James Shaw has surprised himself by signing a two-year professional contract with WorldTour outfit Lotto-Soudal after a successful two months as a stagiaire.
The 20-year-old is making the step up from the Belgian team’s U23 squad, whom he has raced for in the past two years. Winner of the Kuurne-Brussels-Kuurne junior race in 2014, Shaw finished fifth at the U23 Liège-Bastogne-Liège in April, third at the one-day Flèche Ardennaise in May and tenth overall at the Tour of Normandy.
He was given the opportunity to ride as a stagiaire towards the end of this season and he was a frequent sight at the head of the peloton during the Tour of Britain, driving the bunch in protection of his teammate André Griepel. His performance at the national tour earned him several plaudits.
The Derbyshire-born rider, however, never envisaged that the stagiaire-ship would lead to a professional contract.
“I definitely out-did myself during my stagiaire months,” he told Cycling Weekly from Qatar where he is set to race Thursday’s under-23 men’s road race at the World Championships.
“I don’t really know where I pulled that ride from in the Tour of Britain. Each day I was getting more sore and my legs were hurting but I hacked at it and continued to be on the front.
“I seen the stagiaire as a great opportunity to see what it’s like at that level and maybe impress. I honestly expected to be an U23 amateur again next year.
“But after the Tour of Britain the opportunity to turn pro arose. I was ever so grateful just to be a stagiaire. It’s brilliant for me.
“I’m massively looking forward to it and getting stuck in. I’ll be collecting bottles and sitting on the front next year, but I don’t mind that. You start from the bottom and work your way up.”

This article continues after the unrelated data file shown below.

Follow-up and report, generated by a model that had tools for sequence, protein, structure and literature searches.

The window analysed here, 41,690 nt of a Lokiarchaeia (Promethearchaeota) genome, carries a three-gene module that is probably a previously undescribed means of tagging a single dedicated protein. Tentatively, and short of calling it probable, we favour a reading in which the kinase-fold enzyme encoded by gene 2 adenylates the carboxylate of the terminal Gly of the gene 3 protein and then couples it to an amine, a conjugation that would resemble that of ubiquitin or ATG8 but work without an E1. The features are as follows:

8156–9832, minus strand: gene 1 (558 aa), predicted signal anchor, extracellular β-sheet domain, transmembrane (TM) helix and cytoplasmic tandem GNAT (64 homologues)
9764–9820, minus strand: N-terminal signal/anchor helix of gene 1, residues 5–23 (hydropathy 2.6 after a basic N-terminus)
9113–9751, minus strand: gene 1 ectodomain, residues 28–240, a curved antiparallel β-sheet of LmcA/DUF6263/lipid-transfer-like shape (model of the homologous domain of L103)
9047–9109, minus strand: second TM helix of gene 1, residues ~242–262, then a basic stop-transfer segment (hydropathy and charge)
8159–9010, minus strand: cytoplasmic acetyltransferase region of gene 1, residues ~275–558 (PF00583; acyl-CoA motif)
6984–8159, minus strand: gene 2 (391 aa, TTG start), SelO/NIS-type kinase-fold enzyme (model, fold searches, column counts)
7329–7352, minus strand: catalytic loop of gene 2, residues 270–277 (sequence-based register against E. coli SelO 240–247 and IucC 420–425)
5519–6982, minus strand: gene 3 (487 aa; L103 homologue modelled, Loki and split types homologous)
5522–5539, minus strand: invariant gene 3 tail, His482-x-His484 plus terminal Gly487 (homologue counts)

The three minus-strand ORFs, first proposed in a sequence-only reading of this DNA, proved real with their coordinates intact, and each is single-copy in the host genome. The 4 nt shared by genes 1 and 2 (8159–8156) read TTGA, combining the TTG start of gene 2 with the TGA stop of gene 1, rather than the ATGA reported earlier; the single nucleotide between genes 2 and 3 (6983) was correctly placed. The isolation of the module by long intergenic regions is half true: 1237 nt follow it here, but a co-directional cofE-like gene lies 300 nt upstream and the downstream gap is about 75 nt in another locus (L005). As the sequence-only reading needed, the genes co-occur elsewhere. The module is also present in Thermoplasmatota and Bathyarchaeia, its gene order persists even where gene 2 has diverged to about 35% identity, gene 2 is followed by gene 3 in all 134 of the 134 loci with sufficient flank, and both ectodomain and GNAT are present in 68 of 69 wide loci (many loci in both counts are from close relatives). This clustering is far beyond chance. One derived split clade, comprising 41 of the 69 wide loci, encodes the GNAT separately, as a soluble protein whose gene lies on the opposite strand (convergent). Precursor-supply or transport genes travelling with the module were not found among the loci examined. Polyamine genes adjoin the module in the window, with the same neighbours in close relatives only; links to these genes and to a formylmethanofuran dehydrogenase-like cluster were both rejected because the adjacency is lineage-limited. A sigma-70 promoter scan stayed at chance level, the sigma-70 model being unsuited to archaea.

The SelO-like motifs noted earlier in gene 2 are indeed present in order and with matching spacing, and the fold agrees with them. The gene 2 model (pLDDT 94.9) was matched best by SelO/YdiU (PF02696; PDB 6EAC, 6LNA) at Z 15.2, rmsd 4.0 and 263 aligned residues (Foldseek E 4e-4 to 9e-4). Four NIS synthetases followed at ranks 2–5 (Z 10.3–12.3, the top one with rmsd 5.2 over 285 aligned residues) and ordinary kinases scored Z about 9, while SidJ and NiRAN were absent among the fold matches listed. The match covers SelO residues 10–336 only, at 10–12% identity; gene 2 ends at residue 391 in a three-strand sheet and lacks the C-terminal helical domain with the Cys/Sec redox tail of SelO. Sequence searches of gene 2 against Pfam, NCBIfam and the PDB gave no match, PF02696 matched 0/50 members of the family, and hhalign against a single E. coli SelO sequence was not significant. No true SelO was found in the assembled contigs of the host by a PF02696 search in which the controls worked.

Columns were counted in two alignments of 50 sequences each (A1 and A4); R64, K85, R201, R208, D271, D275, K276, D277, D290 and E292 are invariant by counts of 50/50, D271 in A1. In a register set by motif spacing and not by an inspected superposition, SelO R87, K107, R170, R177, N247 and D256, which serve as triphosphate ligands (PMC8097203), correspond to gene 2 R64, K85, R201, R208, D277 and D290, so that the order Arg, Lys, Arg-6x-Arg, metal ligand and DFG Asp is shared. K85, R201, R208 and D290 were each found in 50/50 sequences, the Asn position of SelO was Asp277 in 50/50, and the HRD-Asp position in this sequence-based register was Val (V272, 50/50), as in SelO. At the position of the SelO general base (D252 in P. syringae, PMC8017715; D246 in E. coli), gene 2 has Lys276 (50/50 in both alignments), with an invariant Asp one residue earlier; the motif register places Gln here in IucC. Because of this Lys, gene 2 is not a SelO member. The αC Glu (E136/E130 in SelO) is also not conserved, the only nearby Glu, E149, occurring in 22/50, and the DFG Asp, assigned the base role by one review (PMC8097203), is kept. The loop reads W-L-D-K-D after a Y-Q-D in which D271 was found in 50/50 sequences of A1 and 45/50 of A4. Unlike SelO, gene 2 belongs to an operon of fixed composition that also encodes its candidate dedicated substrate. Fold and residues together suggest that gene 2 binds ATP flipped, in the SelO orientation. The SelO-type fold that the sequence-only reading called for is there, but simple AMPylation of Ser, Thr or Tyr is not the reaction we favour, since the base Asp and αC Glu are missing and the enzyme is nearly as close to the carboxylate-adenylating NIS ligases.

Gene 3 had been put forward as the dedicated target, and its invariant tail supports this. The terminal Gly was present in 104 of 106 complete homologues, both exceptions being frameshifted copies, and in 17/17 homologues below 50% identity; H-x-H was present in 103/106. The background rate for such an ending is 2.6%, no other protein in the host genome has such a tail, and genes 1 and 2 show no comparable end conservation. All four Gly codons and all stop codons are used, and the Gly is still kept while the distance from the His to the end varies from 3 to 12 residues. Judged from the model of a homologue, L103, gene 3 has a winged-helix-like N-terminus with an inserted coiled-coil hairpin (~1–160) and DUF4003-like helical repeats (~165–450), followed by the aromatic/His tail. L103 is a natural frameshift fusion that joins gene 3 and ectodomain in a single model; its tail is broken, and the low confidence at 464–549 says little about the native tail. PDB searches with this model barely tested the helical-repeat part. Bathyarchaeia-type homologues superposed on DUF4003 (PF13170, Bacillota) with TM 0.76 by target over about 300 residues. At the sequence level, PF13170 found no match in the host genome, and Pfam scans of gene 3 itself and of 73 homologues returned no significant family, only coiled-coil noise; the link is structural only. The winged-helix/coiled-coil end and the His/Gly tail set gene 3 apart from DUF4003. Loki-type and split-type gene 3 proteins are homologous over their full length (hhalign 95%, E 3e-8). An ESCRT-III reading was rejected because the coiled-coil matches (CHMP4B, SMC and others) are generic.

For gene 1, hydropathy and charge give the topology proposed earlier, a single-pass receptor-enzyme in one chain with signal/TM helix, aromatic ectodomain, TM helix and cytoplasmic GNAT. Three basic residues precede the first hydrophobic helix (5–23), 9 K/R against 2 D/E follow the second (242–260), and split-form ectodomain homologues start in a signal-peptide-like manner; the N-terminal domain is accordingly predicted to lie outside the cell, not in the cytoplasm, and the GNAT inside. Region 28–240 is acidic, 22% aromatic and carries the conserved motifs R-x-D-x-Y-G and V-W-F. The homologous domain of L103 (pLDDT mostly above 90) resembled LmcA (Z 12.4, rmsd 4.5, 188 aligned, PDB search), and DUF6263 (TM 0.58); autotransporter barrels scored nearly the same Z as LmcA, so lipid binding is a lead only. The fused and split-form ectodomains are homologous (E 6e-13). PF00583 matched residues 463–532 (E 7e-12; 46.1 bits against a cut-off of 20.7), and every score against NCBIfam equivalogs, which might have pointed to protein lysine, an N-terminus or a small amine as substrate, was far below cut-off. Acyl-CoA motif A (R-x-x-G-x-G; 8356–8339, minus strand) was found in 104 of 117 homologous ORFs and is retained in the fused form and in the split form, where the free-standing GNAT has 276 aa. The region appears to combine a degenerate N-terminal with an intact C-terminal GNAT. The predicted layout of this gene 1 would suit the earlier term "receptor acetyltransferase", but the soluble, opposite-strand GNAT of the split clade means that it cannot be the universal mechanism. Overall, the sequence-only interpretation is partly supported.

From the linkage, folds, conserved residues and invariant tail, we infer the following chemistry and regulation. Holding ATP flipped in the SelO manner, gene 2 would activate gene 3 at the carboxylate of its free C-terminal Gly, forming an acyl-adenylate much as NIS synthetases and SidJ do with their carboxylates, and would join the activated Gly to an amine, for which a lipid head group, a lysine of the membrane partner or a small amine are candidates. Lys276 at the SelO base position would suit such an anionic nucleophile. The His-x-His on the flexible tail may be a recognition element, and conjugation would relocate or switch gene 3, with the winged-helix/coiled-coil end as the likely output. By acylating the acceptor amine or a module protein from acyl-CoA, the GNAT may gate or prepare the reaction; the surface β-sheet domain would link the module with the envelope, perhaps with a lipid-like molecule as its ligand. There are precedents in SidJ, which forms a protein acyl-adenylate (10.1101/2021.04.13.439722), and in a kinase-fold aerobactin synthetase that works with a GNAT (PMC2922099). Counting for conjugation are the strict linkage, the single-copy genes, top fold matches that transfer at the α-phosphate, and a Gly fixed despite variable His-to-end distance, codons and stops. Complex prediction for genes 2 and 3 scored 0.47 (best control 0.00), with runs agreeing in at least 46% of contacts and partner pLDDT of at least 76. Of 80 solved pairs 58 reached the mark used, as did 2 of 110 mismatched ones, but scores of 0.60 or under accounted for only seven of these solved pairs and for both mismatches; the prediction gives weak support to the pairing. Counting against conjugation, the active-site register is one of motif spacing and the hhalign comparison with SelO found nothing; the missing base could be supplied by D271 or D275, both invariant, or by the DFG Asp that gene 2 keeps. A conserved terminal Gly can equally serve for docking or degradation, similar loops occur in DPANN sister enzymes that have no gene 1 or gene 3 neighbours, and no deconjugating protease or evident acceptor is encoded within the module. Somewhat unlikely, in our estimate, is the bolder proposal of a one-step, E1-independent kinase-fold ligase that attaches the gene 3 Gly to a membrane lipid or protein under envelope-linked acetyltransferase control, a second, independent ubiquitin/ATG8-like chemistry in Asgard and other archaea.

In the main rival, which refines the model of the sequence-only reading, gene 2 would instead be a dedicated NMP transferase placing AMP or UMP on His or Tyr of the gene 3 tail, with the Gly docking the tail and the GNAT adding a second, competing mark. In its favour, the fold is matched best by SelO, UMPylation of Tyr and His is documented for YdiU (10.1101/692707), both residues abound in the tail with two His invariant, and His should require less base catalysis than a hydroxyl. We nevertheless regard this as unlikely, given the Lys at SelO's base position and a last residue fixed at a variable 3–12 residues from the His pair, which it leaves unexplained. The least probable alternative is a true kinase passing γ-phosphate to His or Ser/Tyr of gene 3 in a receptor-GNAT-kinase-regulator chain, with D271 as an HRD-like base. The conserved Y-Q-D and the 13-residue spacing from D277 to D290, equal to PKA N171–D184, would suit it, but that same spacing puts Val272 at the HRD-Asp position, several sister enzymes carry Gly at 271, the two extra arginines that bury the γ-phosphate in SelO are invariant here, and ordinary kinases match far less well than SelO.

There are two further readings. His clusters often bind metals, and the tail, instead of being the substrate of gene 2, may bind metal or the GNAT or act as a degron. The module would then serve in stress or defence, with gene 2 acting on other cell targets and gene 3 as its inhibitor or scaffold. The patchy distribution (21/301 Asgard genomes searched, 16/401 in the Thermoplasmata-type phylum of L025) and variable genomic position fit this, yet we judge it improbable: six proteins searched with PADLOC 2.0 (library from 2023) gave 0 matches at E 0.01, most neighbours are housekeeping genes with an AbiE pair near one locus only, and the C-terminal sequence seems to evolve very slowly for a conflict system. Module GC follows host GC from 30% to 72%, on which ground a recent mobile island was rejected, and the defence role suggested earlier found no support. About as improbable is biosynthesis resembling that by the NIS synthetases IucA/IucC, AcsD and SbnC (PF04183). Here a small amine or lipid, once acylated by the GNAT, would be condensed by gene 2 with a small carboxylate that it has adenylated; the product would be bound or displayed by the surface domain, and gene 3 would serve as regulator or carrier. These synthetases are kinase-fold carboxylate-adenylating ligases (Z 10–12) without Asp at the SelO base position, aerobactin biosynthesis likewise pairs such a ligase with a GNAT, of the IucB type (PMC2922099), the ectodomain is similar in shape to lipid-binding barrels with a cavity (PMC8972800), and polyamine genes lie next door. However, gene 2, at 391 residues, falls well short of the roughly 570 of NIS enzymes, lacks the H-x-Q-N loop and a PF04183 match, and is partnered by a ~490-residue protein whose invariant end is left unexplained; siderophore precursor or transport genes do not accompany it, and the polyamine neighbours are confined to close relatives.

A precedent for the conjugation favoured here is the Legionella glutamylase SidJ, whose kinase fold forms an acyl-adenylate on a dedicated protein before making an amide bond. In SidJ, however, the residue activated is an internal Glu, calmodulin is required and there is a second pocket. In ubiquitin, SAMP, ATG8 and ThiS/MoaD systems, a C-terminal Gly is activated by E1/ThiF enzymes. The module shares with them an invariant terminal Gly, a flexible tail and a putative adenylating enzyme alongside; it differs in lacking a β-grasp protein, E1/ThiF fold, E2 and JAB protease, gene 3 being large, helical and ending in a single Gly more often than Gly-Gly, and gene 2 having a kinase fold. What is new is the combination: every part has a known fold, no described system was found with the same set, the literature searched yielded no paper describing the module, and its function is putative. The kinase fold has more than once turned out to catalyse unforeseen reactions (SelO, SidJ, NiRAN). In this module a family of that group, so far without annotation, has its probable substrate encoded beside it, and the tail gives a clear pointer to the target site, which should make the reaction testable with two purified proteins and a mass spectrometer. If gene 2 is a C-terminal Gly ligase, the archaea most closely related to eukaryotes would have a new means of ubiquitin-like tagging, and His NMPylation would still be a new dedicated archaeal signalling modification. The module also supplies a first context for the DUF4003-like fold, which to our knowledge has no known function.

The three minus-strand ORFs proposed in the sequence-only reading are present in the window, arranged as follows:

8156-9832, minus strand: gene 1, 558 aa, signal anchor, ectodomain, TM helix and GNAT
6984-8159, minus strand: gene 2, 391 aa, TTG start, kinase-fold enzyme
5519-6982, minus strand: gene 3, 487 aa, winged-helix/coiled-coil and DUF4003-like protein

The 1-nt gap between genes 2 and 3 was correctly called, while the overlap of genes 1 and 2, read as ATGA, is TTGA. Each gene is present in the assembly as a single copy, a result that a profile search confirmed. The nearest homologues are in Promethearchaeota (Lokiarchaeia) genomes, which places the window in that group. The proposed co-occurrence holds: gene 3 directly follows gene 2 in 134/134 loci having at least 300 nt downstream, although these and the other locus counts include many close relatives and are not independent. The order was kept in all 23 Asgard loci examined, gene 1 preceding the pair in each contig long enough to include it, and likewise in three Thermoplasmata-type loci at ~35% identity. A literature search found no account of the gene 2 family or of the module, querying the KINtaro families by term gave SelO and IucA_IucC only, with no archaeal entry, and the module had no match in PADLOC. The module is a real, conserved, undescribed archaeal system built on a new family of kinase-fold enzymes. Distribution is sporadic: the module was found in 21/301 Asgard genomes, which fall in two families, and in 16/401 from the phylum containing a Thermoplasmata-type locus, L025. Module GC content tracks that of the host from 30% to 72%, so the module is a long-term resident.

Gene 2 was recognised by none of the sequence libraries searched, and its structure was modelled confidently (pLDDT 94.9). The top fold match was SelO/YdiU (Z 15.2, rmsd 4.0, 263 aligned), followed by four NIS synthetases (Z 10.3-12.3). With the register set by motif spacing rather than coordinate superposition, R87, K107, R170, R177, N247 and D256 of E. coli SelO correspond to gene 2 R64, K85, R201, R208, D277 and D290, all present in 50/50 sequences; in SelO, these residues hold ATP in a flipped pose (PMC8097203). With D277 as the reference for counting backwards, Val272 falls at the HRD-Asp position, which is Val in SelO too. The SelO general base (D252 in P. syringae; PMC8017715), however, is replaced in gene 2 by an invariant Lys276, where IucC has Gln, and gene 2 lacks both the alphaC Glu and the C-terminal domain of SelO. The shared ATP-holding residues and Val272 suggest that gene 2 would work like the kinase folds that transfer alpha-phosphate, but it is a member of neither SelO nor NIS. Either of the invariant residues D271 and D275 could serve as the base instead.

Shaw is the fifth young British rider to secure a WorldTour contract for 2017, with Olympic team pursuit champion Owain Doull having joined Sky alongside Tao Geoghegan Hart. Hugh Carthy and Jon Dibben have both signed for Cannondale-Drapac.
Shaw, Carthy and Geoghegan Hart have all progressed via the traditional route of moving away to a different country to live and race, as opposed to being on British Cycling’s Academy programmes.
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Both methods work, Shaw says, and neither is better than the other.
“I personally don’t think the British Cycling route is harder or easier,” the Dave Rayner Funded rider said. “You’ve still got to make it and if you are good enough you will, if you’re not, you won’t.
“The Yateses are the best example: one went on the BC route [Simon], and the other [Adam] went to France supported by the Dave Rayner Fund. They both made it. It’s equally matched.
“I never had the opportunity to join the BC Academy but I don’t think it would have been for me. Equally, the Belgian route wouldn’t be right for a lot of people. Different things suit different riders.
“It’s hard to say which is better or not. I was on the BC talent team as a 16-year-old but never got the opportunity to move up. The one thing for sure is that something is going right in UK development.”